So, practically, I identify runners who ran both races a few weeks apart and thus am able to work with differences in race time for the same runner in both races. By using multiple race years and thousands of runners I hope to iron out any statistical variations and glean some useful information from the data.

Looking at the 6 races in Delhi from 2009 to 2014 I could identify 5,525 individual runners (by name, gender and age category) who ran both Delhi and Mumbai in any given season. From these records, obvious outliers were removed, many of them because it was clear that they ran the half marathon in Delhi but the full marathon in Mumbai a few weeks later.

Race Specific Backgrounds to Bear in Mind
There are features of the races that are specific to the comparison.
Time of Year
The Delhi race is earlier in the primary racing season, which for the main and older races in India happen between the end of the Monsoons and culminate with the race in Mumbai. Of course, fortunately, there are races in India all through the year now but the premium races are bunched in the period between October and January.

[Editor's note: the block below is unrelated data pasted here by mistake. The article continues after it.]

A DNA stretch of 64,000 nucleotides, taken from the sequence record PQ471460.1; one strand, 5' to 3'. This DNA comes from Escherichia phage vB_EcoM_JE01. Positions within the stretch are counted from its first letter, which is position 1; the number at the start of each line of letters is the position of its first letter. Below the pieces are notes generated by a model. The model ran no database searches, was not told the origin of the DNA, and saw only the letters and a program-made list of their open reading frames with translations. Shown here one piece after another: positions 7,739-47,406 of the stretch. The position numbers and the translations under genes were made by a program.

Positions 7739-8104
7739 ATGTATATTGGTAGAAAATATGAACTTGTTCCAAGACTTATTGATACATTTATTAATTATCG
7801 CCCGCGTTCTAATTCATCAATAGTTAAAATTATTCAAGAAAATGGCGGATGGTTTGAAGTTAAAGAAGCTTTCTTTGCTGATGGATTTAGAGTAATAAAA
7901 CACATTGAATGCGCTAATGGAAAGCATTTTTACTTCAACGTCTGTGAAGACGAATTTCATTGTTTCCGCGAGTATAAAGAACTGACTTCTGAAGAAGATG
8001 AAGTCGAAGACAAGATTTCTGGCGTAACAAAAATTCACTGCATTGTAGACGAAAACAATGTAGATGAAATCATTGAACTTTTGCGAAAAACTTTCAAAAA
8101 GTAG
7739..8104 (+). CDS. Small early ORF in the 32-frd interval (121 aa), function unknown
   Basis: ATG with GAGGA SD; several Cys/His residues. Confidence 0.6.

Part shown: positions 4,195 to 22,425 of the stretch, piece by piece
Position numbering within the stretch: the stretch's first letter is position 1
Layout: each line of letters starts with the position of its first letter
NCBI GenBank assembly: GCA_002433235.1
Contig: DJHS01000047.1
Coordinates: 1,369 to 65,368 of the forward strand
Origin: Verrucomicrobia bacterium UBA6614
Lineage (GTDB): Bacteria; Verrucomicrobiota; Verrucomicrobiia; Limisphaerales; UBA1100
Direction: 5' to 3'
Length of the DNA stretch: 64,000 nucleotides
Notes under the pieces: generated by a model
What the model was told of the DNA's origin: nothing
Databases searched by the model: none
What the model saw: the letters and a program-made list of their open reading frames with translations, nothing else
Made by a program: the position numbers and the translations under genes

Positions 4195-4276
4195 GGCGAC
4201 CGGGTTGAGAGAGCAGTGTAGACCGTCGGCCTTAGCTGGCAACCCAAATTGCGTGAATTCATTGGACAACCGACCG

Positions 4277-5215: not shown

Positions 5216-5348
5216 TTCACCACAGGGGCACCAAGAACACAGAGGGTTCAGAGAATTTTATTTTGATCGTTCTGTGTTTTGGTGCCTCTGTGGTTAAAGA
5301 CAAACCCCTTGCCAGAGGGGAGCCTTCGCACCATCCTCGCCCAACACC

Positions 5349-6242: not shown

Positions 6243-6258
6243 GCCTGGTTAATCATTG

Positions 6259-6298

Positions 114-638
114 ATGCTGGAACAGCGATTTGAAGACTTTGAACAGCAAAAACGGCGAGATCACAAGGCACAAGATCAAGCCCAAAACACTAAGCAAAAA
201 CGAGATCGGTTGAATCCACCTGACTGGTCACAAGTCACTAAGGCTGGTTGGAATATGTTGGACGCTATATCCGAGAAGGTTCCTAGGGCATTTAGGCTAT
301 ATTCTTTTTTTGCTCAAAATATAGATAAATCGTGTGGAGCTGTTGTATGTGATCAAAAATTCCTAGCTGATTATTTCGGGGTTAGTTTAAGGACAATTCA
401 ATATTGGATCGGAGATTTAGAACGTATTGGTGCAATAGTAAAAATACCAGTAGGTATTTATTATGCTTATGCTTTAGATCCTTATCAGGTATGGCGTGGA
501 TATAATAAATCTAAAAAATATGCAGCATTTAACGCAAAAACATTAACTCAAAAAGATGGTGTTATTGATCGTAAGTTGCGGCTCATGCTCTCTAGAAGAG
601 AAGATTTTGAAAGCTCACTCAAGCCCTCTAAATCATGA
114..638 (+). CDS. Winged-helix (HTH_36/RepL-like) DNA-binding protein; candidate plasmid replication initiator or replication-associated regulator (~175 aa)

Delhi is colder in Nov-Jan than Mumbai by a noticeable margin. (The “historical average low” in Delhi in November is about 8 degrees Celsius lower than that of Mumbai in January). It is also less humid in Delhi than in Mumbai for the most part. One notable exception is the year 2012 when the Delhi race date was, annoyingly for most runners, brought forward to September! I will tell you how this too impacts the answer.
The race route for Delhi is ‘pretty much flat’ whereas Mumbai has 2 noticeable inclines (the Bandra-Worli Sea Link and Peddar Road). In both cities, the races are held on motorable roads.

Because Delhi is reputed to be faster, what interests me is “what is the time difference (in seconds) between Delhi and Mumbai run a few weeks later?”. So, I define
TimeDiff = Delhi – Mumbai
using the race records of “net time”.

Thus, a negative value indicates that Delhi is faster than Mumbai.  A positive value tells us that Mumbai was actually run faster than Delhi.

Racing ahead
I shall tell you the details of what I did over many tens of hours (of programming, number crunching and analysis) when I present this research in a live presentation one day.  For now, what might interest you more are the primary findings. And, pictorially, this is what they look like.

Race Times in Delhi not always faster than Mumbai

Race Times in Delhi not always faster than Mumbai

There’s no single number
There is no single “Delhi is faster than Mumbai by X minutes” that paints a decent representation. In fact the slower runners in Delhi get faster by the time they race in Mumbai.

The relationship is far from linear